[ Nickel and it's compounds are also not cool to play with.]

I am also not sure what high doses of Sulphur compounds do to trees. On this side near the natural Pitch lake near La Brea [ Trinidad W.I not the U.S.] banana plants do well.

Perlite can be hell, visually, with the floating nuisance.

I do pottery and make my own glazes, I have to have an awareness of oxide toxicity.[ see Patty's Industrial or the Pharmacopoeia ]

We are spoilt on this side, island is about 50 x 50 miles [ km ?] and the size of say London, but silica based gravel deposits are easily obtained in the north, and brick factories have broken brick piles that you can sift through, as well as underground naturally fired clay. Perhaps you need to see a geologist or find a brick depot at the hardwares ?
You should have hollow clay blocks for building?

Yes, I thought the red clay would perform like our hardened yellow clay stones [ they melt within a year of use ] A real pain if you reach the 10 year and needing 3 to 5 years to repot. Worse if the trees are 2 feet + [ 61 cm ].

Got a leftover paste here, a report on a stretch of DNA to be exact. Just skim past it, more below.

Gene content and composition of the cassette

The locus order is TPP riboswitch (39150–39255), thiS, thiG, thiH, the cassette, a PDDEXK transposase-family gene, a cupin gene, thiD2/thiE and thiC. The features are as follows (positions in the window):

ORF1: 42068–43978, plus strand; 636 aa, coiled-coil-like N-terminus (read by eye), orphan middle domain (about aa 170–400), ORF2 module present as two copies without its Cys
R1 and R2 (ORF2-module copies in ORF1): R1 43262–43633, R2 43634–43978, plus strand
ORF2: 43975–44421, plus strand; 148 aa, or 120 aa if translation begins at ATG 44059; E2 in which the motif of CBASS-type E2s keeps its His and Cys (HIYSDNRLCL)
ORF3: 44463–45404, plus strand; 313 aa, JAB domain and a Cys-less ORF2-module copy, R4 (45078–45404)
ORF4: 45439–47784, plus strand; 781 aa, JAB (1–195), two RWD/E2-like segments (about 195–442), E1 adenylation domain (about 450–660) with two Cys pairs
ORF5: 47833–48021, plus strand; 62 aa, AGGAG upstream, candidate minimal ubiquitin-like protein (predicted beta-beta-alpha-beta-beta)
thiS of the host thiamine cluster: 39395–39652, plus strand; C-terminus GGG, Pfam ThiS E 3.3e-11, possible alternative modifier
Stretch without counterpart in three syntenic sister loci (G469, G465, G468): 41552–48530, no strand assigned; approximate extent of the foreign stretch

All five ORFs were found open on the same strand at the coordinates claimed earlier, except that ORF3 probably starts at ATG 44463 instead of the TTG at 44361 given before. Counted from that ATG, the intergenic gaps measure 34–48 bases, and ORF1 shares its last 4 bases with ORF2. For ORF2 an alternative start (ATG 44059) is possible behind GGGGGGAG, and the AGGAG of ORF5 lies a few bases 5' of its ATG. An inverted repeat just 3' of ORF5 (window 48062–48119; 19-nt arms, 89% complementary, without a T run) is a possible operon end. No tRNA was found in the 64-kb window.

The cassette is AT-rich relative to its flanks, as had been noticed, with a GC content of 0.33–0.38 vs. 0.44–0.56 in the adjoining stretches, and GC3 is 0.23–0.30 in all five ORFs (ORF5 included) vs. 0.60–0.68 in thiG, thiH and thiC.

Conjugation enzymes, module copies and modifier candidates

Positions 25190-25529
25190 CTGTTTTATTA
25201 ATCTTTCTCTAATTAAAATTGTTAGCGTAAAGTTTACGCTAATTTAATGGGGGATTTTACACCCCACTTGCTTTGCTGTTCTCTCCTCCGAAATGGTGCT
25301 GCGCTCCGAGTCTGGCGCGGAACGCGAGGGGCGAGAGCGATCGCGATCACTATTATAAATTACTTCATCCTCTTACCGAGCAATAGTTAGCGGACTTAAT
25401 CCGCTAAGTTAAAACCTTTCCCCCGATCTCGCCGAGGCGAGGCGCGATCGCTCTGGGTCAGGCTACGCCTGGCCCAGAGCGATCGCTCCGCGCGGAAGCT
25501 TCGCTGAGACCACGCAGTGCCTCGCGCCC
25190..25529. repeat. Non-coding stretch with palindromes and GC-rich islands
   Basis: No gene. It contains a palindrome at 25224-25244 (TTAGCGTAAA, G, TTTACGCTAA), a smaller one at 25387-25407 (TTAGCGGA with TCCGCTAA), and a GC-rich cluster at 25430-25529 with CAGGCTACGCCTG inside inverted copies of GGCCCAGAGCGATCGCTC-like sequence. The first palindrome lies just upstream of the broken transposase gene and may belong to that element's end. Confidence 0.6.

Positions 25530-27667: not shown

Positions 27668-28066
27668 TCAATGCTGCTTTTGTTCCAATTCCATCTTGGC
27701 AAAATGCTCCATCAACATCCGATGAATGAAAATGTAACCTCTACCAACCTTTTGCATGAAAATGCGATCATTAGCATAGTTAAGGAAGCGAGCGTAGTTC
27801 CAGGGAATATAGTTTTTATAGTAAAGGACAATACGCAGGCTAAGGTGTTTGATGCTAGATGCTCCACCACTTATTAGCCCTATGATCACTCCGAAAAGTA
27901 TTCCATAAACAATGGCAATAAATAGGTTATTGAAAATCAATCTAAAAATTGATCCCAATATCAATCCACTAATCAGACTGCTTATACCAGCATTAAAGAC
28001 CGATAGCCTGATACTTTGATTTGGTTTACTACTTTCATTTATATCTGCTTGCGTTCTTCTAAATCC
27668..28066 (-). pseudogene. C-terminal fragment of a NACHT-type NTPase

Just take your time and see what you are exposing yourself to. On our side Indians are very prone to diabetes and most go from type 2 to type 1 without having checkups. It is because they claim to be vegetarians, but actually they hate vegetables and are really starcharians with high oil consumption. In fact the only vegetables they like are those with sugar and oil [ and lots of sweet fruit / tamarind sauce etc.] Playing in manure / compost will expose you to many situations, and diabetes weakens the body's defence mechanisms. Do like the Japanese - wear gloves.
Stay Healthy.
Khaimraj

* Also be aware of Silica - cryptocrystalline forms.




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Re: Cinder as part of Bonsai Soil

Post  Ravi Kiran on Sun Nov 14, 2010 2:28 pm

Khaimraj,

A little overwhelmed but I understand what you are saying. Thanks I shall be careful.. Rolling Eyes

Ravi

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Re: Cinder as part of Bonsai Soil